Product Test: Afton Vectal Clip Shoes

Afton Vectal Clip Shoes

The newest kicks on the block


Afton is a small fish making a big splash in the mountain bike industry. The newly founded shoe company has already had success with multiple UCI World Cup DH podiums, a U.S. National DH Championship and even an X Games gold medal, which is no easy feat, especially considering the company only offers two models. The Vectal shoes tested here are Afton’s clip-in shoes built for racers. Meanwhile, the Keegan shoes offer flat soles for style and fun. Both models, however, combine the look of casual wear with performance technology. So, let’s dive in and see what makes Afton’s shoe podium-ready.

Tech features: The Vectal is a casual-looking shoe that comes in a variety of colors that will make you think you’re shopping for a new pair of Vans instead of a traditional pair of cycling shoes. The designs include different-colored soles, such as black, white or gum, giving these kicks a classic skate-shoe appearance. The Vectal, however, is about more than just looks.

Afton went above and beyond to make sure these shoes could perform at their best. A quick look underneath reveals an oversized clip-box design to seamlessly clip in and out. The shoes have a shank that varies in thickness from 4mm to 12mm, offering comfort when walking, as well as excellent pedaling performance. There is an anti-microbial foam in the insoles to combat odors that also provides heel and arch support. The outer sole features a second-generation (from their initial 2017 design) rubber called Intact. Afton claims the new generation of Intact rubber is more resilient than before while continuing to offer a soft and grippy feel. The Vectal shoes sell for a competitive $120 and tipped our scale at 1049 grams for the pair.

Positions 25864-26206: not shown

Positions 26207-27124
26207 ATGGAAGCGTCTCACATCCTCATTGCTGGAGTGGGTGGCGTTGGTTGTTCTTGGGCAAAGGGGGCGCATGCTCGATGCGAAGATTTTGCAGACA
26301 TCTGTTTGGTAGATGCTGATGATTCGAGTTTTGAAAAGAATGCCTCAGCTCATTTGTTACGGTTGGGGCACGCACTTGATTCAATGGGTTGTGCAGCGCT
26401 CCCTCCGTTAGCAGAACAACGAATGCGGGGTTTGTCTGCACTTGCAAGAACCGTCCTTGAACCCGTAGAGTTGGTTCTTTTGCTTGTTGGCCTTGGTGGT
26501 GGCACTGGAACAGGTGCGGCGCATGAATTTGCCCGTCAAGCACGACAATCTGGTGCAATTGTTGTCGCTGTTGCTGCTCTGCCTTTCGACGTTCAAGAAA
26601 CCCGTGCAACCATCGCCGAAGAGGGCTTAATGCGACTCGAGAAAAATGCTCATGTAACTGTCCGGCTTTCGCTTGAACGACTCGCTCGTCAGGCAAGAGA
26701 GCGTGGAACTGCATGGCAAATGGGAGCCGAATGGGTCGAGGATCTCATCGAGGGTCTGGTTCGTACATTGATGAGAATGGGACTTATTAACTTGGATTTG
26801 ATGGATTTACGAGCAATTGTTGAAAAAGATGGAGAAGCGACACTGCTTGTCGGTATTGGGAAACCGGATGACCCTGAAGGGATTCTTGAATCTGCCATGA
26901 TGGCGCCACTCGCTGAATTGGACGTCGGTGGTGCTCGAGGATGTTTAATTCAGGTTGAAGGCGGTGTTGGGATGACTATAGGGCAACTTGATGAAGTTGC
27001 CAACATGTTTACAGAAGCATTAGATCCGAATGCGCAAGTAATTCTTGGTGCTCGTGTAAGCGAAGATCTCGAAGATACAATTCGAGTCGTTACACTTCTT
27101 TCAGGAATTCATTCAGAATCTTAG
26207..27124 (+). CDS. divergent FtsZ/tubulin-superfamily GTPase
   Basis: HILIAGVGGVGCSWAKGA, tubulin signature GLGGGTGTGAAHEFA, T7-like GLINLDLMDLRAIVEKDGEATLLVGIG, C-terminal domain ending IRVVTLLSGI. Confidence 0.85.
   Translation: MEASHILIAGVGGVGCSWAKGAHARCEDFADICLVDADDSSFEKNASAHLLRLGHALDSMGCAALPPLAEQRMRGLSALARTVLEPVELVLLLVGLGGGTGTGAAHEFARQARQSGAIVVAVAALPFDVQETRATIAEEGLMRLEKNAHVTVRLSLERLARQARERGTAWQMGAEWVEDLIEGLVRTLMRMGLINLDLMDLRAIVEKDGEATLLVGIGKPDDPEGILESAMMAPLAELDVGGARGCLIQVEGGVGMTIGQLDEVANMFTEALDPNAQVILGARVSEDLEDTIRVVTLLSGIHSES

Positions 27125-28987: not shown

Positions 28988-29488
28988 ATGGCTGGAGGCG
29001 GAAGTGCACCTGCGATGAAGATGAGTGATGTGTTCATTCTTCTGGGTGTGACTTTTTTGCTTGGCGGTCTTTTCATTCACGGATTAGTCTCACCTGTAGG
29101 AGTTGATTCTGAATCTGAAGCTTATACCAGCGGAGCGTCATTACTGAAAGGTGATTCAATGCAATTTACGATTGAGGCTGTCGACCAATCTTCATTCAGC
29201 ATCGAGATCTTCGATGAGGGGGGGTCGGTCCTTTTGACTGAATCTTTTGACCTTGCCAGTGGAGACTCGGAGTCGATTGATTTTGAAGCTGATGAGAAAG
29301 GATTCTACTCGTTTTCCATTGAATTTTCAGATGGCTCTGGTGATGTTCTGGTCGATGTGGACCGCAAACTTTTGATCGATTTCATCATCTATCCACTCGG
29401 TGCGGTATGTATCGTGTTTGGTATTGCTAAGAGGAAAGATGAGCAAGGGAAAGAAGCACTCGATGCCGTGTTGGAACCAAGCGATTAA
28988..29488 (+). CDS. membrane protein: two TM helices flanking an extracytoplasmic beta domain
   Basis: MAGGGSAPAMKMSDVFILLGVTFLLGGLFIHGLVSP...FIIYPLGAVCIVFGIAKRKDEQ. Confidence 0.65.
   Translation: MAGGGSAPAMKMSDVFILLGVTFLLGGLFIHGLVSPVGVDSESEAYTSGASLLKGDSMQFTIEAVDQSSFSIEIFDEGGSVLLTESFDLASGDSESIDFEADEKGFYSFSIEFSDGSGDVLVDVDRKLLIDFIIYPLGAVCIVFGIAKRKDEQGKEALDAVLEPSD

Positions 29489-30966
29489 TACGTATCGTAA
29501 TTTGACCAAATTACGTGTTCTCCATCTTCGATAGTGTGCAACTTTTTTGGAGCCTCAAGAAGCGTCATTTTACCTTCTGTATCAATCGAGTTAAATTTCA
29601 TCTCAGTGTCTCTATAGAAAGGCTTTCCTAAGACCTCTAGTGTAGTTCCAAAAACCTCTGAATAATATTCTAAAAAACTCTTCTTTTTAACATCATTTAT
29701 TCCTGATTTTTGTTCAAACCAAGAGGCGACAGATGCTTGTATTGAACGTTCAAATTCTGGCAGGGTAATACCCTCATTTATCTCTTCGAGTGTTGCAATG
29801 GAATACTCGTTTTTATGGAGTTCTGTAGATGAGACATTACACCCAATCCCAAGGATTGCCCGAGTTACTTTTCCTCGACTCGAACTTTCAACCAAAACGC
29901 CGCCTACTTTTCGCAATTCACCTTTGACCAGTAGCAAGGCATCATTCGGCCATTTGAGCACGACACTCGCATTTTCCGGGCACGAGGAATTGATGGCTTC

Field test results: Upon lacing the shoes to our feet, we noticed a good design fit that quickly earned our test riders’ approval. The Velcro straps were also cleverly designed, simply flapping over one another instead of using a plastic loop. This strap is primarily designed to prevent your laces from flopping into your chainring and offers little adjustment for fit. The traditional-style laces, however, handle that job well.

We mounted a pair of SPD cleats to our shoes without shims underneath and did the majority of our testing with Shimano’s updated XTR Trail pedals. These feature a wider platform than the previous version. The Vectals are far from being stiff XC shoes but seemed to be well-suited for trail riding and even downhill racing. The rein-forced toe cap offers protection, but only to the very tip of the shoe. The tops of your toes are still vulnerable to debris, rocks or roots. That said, the low-profile design is sleek. True downhill racers may want additional protection, but will appreciate the connection felt between the rider and the bike.

Overall, these shoes ticked all the boxes for our test riders, offering comfort, style and function. If ankle coverage and maximum protection are on your short list, you won’t find them here, but what you will find is a high-tech pair of shoes for a great price that will keep you hip, on or off the trails.

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